BLOOMER, Wis. (WEAU) -- It's been almost six months since a local 12-year-old girl took her own life, shooting herself at her grandparents’ home in Rusk County.
On Sunday the girl’s mother and scores of friends and family came together to keep her memory alive and continue to fight against the bullying that they say led to her suicide.
In the mix of all the summer traditions at the Bloomer Community Parade there was something new this year, more than a dozen kids marching in solidarity to put a stop to bullying.
They were there for Payton Ruth Ann Richardson.
“I’ve created an anti-bully float with my ice race car on it that we race in Payton’s honor. Keep the word out there that we need to keep working in the stop the bullying campaign so our students are safe,” said Payton’s mom Melissa Richardson.
Richardson said it was bullying by classmates at Chetek-Weyerhaeuser Middle School that lead her daughter to take her own life back in February.
Richardson said since then she's refused to stay silent and wants to open eyes to the bullying that's hurting so many of our kids.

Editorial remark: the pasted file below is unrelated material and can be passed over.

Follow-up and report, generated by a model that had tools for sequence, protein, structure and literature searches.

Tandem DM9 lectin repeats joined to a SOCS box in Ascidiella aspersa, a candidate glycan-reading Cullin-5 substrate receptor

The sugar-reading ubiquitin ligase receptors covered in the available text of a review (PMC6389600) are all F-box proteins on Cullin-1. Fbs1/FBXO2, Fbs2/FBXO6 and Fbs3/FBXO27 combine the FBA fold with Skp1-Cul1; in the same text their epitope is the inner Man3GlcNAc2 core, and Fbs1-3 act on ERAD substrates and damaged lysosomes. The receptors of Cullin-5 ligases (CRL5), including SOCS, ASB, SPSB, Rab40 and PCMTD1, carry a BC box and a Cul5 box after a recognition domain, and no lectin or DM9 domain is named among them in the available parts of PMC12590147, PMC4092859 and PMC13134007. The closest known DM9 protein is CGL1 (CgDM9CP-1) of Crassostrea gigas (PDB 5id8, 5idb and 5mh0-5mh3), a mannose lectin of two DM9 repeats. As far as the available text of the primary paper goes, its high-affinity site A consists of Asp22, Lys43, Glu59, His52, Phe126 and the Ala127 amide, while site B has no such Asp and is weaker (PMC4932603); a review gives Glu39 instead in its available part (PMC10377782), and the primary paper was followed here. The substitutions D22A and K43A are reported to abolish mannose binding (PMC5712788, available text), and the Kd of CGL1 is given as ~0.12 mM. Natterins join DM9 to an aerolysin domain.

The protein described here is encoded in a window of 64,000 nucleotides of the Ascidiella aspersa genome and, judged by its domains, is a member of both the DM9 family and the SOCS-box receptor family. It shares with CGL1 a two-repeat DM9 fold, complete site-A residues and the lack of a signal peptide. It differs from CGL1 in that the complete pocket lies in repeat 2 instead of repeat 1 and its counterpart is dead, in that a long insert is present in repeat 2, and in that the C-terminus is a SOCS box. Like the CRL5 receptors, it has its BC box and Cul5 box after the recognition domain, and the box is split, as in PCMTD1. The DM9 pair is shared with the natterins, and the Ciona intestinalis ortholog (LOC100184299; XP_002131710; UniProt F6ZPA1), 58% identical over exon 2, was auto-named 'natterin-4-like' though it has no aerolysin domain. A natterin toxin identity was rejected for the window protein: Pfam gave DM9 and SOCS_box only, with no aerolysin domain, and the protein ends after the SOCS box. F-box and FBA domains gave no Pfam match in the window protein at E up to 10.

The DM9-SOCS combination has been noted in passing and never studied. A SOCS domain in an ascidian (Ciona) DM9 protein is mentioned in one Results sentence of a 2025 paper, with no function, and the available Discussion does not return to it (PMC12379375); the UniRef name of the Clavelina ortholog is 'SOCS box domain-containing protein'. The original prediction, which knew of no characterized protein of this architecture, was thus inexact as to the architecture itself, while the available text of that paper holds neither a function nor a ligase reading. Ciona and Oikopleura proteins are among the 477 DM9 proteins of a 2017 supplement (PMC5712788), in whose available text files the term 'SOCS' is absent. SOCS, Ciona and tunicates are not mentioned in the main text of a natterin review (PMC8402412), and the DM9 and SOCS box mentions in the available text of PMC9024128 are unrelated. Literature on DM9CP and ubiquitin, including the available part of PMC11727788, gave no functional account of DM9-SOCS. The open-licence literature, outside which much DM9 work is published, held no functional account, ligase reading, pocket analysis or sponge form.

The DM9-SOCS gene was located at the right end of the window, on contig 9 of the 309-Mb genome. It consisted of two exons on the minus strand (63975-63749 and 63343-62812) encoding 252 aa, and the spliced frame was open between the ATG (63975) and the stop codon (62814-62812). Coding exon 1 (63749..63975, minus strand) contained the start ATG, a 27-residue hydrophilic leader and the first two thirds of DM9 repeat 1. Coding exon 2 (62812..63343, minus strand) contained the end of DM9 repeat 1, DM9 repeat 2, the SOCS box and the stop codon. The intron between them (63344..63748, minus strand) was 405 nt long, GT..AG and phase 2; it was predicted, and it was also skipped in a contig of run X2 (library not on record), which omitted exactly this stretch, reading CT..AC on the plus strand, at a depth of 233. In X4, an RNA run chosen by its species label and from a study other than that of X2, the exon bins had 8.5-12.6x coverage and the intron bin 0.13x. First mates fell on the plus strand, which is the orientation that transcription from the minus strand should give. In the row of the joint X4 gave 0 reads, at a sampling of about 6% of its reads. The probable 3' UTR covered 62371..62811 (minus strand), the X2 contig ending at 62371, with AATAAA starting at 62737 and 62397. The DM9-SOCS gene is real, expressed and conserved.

“In January I’m going to go back to the senate floor with Senator Cullen so we can try to pass that cyber bully law. I want to hand out a scholarship to a student. Can be nominated or write me a letter and tell me what you did to stand up against bullying and help your peers,” Richardson said.
Payton's mom said the school district is starting to get involved in bully prevention after saying taunting by classmates wasn't a factor in the suicide.
Richardson says the school will kick off the year with an anti-bullying concert partially funded by the organization set up in Payton’s memory.
While bullying has gone down since Payton’s death, her friends said there's still a long way to go.
“And if they try to talk about it and think it’s a joke, it’s not because can hurt themselves,” said Seka Rasmussen, Payton’s cousin.
Richardson said raising awareness about bullying has helped heal some of the pain of losing a child.
“This keeps me busy. This keeps my mind focused. And it makes me feel like I still have to something to do in life. This is my drive,” Richardson said.